Researchers writing about mindful eating in Frontiers in Psychology interviewed a number of overweight people about their attitudes towards self-care and self-kindness. The results were fascinating.
The subjects were very uncomfortable talking about ways that they were kind to themselves. They seemed to equate self-kindness with self-indulgence, which they saw as a negative trait.
They were a bit more comfortable with the term “self-care” but here again, there was an interesting divide.
They talked about things like getting out in nature or taking a bath or setting aside time to read or visit with a friend. As long as it didn’t involve food, they were comfortable identifying these activities as self-care.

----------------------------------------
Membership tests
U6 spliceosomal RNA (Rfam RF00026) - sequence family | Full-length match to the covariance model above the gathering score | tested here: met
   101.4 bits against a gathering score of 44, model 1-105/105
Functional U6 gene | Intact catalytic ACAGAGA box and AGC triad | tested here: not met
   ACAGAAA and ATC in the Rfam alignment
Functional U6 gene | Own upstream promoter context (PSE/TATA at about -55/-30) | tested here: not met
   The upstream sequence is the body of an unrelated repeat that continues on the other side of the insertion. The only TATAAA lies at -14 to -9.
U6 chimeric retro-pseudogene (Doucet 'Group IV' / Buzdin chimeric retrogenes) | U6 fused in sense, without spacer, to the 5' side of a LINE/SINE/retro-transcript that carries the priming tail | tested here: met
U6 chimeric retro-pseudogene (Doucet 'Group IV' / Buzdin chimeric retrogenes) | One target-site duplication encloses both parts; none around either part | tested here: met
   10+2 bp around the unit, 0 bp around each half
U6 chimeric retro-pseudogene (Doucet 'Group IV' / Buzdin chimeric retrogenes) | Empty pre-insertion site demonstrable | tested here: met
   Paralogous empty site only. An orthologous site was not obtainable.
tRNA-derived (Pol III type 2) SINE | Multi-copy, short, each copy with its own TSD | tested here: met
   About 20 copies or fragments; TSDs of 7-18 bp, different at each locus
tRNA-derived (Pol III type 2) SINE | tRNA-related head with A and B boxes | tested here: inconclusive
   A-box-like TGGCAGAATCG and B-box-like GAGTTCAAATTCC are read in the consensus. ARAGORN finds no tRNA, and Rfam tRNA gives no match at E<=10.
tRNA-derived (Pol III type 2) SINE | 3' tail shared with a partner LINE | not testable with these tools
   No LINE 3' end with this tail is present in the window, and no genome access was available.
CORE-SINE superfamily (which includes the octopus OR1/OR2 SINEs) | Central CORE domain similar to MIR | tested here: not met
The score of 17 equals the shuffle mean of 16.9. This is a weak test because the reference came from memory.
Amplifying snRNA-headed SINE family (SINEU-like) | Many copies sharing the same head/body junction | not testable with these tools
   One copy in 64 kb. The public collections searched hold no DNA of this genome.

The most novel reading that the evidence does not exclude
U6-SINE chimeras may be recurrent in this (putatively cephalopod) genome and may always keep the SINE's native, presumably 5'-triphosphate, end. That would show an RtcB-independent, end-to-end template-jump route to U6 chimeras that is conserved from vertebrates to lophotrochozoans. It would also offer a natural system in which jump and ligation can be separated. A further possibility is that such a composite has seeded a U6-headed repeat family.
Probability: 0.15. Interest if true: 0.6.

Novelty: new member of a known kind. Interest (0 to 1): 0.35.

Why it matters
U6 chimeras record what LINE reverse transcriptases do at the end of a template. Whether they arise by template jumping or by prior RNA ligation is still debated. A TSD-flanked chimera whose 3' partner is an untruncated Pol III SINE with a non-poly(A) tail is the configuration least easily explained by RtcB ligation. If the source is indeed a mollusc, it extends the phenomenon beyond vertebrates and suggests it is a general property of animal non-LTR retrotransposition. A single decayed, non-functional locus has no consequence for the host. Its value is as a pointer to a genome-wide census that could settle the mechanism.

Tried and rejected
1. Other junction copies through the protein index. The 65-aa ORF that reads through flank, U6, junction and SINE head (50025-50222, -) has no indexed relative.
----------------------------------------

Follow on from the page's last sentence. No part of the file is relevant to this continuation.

But they were unwilling to see choosing healthy foods or exercising as a way of exercising self-care. They saw these things as something they “should” be doing. Therefore, doing them didn’t count as self-care or something they were doing to be kind to themselves.
Isn’t that interesting?
If we can come to see making healthy food and movement choices as a way of showing ourselves kindness, instead of a duty that we may or may not be fulfilling, maybe the notion of self-kindness wouldn’t feel so self-indulgent and dangerous.